Upon going ashore, we learned from Mr. Horn, the Forwarding Agent, that the rate of transmission was $40 for those not holding through tickets, and $30 for those holding through tickets; or through cabin tickets to New York, $130, and ten cents per pound for baggage. The passengers, thinking the charge of $40 exorbitant, especially so, as all the New Orleans passengers (who could not obtain through tickets), would thus pay more for their transmission than those bound to New York, held a meeting on board the steamer, and a committee was appointed to wait upon Mr. Horn, and inform him that they were determined to pay no more than $25. The result was that $25, and 5 cents per pound for baggage was charged to each passenger.
At daylight of the 17th the passengers commenced their disembarkation, and as soon as possible obtained their mules and set forward. The company have an abundance of horses and mules, which are easily kept here, and are cheap, say $15 each. Great delay was occasioned by the weighing of baggage, obtaining checks to be posted upon each package and getting receipts for the amount of transportation.
At about nine o'clock our party got started for Virgin Bay, twelve miles distant, which we reached at 2 P.M. The first four miles of the road leads through the woods, and is the only bad portion of it. There are several hills (none however of much magnitude) to ascent, and in many places the mud is some six or eight inches deep; and there are two or three shallow streams to cross of about six or eight feet in width. The next four or five miles runs through a fine undulating country, with occasionally a copse of trees or bushes, well sodded, and a good hard road. The remainder of the road is through a level country much of it marshy, obliging us to walk our mules, but they got through without the least inconvenience. There is but one ranch on the road and but scantily supplied with eatables. The only safe plan is to lay in a stock of provisions before starting.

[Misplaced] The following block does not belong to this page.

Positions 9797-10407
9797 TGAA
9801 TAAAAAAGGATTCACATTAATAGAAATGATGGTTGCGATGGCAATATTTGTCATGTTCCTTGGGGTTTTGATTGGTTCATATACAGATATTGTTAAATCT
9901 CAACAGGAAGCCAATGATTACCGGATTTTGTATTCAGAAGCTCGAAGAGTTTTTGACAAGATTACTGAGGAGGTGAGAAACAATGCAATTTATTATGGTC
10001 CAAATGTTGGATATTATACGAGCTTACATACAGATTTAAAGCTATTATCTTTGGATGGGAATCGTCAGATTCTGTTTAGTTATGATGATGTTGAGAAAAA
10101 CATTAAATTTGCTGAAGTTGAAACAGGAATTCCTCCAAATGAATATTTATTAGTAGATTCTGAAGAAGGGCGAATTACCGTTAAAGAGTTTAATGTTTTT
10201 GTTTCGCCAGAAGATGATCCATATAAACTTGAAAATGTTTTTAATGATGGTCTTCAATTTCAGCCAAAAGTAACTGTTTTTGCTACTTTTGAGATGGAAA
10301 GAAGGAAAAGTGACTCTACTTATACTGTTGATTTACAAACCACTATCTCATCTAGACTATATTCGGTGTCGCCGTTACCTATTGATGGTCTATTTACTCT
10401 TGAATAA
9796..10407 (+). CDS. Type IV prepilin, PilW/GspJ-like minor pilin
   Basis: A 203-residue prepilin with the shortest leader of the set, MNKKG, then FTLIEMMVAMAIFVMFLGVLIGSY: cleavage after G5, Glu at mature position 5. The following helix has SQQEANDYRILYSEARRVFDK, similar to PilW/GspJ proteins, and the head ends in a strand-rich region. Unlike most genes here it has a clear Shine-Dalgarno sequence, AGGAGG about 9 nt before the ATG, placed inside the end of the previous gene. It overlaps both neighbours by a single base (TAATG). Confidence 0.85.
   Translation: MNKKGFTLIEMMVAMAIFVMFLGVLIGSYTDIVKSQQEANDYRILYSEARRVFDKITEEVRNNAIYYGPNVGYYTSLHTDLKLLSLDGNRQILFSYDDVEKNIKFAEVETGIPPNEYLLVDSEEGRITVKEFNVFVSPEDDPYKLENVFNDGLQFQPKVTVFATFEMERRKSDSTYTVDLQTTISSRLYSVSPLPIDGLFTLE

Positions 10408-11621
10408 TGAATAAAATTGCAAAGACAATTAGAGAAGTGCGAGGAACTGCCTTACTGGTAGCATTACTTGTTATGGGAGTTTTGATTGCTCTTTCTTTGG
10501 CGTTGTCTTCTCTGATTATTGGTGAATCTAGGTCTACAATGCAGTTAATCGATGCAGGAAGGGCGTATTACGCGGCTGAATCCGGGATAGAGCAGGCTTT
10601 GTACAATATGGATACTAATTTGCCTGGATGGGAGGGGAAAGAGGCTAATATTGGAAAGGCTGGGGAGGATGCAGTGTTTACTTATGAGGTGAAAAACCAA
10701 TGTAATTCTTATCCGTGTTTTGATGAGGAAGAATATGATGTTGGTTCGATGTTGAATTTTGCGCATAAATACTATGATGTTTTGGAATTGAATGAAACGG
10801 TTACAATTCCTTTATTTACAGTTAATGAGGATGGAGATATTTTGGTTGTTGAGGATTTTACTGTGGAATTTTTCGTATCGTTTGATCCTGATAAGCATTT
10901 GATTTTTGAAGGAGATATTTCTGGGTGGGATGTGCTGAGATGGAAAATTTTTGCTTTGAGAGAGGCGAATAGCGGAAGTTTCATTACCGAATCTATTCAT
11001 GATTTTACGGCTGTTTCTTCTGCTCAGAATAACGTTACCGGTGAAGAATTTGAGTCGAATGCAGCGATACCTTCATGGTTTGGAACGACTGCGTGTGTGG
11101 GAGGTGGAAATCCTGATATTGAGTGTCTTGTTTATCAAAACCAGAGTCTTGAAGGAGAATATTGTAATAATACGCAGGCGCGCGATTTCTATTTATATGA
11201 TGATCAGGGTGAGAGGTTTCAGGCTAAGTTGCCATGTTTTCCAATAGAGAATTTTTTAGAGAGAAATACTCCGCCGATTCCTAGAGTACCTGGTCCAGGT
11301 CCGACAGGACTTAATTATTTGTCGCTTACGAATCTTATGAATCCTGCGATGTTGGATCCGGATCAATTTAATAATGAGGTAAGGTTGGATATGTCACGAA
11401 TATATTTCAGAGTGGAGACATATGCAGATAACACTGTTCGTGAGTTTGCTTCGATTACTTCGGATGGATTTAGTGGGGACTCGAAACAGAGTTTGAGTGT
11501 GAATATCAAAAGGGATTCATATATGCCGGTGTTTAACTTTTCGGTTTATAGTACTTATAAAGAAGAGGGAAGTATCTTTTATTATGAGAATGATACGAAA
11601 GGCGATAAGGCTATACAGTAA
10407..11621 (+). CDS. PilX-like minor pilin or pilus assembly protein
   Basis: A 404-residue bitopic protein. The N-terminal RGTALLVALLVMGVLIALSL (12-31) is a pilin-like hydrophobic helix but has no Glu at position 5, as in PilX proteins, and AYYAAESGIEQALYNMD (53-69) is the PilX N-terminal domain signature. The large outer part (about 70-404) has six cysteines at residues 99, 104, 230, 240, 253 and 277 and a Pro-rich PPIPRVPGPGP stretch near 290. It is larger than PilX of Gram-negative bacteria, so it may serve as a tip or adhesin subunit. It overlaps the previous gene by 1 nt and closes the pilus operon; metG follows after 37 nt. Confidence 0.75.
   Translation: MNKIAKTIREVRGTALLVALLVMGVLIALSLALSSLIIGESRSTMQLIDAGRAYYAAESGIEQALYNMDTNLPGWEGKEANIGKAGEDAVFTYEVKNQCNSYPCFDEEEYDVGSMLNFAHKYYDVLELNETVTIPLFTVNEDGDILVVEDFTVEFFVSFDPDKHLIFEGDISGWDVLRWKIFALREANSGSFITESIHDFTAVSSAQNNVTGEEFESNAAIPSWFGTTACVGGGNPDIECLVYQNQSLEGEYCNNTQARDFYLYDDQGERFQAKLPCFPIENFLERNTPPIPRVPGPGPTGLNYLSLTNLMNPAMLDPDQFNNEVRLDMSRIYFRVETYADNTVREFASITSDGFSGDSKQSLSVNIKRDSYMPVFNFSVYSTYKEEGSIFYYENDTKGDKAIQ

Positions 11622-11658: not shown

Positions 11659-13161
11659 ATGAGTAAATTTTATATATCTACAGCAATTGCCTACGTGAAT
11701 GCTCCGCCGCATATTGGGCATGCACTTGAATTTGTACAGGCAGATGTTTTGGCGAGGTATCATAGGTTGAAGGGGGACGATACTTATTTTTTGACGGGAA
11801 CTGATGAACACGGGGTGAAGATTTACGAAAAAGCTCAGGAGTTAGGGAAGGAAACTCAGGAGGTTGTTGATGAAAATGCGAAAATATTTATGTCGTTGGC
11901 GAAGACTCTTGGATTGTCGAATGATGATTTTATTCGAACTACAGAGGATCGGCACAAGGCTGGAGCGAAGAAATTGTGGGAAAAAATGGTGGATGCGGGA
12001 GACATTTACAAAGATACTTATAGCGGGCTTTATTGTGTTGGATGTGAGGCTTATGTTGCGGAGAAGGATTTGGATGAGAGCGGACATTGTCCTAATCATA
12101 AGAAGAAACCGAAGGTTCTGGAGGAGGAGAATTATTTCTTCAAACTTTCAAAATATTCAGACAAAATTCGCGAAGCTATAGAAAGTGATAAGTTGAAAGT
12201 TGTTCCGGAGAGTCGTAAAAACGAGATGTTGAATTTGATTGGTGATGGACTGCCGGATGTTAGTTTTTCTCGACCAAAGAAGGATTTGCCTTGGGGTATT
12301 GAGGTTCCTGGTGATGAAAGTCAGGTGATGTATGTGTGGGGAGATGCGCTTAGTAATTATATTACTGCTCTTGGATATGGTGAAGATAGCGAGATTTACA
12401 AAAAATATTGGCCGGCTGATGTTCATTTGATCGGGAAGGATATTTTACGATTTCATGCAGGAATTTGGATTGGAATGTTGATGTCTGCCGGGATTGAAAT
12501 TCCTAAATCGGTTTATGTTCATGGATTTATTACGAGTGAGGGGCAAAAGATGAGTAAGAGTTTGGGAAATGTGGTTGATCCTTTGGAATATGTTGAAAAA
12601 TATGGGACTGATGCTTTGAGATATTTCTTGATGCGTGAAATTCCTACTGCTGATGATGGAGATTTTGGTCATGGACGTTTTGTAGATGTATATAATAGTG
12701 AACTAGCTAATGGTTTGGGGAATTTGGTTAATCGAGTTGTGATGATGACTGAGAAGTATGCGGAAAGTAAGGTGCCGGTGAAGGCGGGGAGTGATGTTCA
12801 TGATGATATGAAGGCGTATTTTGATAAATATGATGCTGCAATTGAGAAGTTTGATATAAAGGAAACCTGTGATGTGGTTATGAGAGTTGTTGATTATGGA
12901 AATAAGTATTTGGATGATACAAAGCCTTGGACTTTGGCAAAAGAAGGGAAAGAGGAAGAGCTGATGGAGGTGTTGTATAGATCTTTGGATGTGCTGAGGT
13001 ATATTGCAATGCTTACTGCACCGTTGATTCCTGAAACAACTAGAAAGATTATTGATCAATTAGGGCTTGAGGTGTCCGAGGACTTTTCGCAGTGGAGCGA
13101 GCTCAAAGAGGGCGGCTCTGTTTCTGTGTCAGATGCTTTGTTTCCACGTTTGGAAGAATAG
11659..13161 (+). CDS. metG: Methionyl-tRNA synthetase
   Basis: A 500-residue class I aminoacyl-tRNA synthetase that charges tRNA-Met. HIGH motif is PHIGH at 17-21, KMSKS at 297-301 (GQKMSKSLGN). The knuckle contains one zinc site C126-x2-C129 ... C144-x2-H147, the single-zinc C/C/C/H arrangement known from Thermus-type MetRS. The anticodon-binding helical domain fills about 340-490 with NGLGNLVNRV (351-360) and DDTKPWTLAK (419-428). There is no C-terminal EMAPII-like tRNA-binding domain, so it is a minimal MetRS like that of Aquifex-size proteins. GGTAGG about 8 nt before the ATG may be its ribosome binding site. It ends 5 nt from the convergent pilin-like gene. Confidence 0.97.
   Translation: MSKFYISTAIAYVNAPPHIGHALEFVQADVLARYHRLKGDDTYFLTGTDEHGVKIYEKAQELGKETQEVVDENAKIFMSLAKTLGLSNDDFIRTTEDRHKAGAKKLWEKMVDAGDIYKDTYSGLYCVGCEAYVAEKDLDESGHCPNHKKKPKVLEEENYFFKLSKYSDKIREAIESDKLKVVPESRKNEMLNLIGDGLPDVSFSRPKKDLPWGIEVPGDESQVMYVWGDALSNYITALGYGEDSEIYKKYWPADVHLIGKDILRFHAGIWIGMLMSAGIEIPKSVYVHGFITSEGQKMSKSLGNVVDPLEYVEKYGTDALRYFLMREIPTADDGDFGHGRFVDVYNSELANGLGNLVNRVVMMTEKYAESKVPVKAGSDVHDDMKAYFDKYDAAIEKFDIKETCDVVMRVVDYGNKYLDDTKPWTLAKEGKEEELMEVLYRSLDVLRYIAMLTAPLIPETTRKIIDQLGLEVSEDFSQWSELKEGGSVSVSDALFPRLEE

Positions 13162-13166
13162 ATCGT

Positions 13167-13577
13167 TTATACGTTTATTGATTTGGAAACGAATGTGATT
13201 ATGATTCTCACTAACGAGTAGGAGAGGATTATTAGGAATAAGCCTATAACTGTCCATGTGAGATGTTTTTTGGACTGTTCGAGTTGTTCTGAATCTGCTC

The settlement at Virgin Bay consists of six or eight ranches, pretty well supplied with hammocks and provisions. I should judge it to be a healthy place. The steamer Director lay out a quarter of a mile from the shore, and we took passage in a large bungo, to reach her. The bungo not being able to come close to the shore, ourselves and baggage were carried on the backs of the natives to her. The baggage went safe, but some of the passengers got thrown off, and were well soaked. About four hours were occupied in getting us off, and at 10 o'clock we got underway.
There were about two hundred of us on board, and we found ourselves very much crowded, especially as it commenced raining at this time (the first during the day) and those on the upper deck were compelled to take shelter on the main deck. The Directoris of 30 horsepower, and I should think she would comfortably accommodate 150 persons. No meals were furnished on board this boat.